Thursday, March 19, 2009

Bye-bye bio

What could be harder than describing abstract paintings? Describing them for over 113 pages of text is a start. But that’s just what Alan Wright and Edward Hanfling promise and exactly what they deliver. It’s an impressive thing to do as any art writer who has clung to inflated biography like someone going under for the third time will agree. Wright and Hanfling fearlessly chuck the comfort of the biographical away in the first few pages.

“The ‘facts’ of Mrkusich’s life are harder to come by. Mercifully, he does not encourage the spectator to ‘read’ his art in relationship to his personal biography.”

And, quoting Mrkusich himself, “A painting shows the facts of its own particular condition.”

Well, yes, that’s true, but for 113 pages? So far we’ve only dipped into Mrkusich: the art of transformation but even on that brief encounter it is fascinating. It brings in enough art history for Mrkusich to mix it in principle with peers like Guston, Poons and Mangold and, while biography may not be significant to Mrkusich, the book traces the story of New Zealand’s cultural swing from the UK to the US as clearly as a book devoted to the topic. And then there is a terrific selection of colour plates.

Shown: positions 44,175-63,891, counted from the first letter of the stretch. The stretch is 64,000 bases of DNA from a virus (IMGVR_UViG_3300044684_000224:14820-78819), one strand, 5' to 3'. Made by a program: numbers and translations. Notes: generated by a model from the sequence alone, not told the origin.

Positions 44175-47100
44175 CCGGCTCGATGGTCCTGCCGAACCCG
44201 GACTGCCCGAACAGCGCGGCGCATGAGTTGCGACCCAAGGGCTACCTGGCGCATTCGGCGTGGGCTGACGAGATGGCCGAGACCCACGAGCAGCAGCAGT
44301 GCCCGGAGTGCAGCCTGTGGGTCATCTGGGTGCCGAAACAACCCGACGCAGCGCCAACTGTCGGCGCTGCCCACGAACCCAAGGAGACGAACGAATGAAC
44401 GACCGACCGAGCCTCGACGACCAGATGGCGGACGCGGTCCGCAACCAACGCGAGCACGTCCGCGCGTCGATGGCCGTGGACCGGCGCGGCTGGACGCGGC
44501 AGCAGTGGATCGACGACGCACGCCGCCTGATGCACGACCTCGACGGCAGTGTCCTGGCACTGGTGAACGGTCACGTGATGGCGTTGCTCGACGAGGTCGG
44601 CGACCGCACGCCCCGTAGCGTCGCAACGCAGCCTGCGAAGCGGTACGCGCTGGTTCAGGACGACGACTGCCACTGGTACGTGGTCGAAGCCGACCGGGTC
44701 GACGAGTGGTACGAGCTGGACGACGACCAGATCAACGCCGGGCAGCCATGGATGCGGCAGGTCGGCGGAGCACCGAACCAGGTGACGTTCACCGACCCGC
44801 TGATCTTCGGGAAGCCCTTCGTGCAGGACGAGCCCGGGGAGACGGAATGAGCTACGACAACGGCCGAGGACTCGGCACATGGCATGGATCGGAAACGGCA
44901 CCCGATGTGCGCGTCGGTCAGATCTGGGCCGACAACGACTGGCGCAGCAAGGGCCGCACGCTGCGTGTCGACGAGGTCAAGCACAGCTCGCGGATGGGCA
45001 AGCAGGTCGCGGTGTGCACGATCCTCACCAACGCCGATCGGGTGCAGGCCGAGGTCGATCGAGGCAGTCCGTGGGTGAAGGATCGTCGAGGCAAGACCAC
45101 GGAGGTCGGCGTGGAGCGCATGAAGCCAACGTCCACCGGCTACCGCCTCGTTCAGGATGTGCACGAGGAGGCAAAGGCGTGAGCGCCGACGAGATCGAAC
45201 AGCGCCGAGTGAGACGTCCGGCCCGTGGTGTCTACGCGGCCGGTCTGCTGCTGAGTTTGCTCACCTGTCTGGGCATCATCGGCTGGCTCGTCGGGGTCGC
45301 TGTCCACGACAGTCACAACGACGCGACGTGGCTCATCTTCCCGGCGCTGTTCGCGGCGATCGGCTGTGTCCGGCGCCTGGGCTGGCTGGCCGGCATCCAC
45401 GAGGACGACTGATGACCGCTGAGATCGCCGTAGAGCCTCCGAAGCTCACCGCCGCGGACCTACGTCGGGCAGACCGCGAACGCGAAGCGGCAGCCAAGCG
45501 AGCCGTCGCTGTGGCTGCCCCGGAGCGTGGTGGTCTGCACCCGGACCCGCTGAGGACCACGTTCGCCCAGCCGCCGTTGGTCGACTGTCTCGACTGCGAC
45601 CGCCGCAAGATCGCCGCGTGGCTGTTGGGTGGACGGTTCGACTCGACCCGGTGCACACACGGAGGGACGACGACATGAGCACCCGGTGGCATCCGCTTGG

Inspired by the Wright/Hanfling achievement we talked about Milan’s paintings for an hour or so. Then we remembered the time the secretary at the Dowse addressed an envelope to Mr. Kusich.

And ruined everything.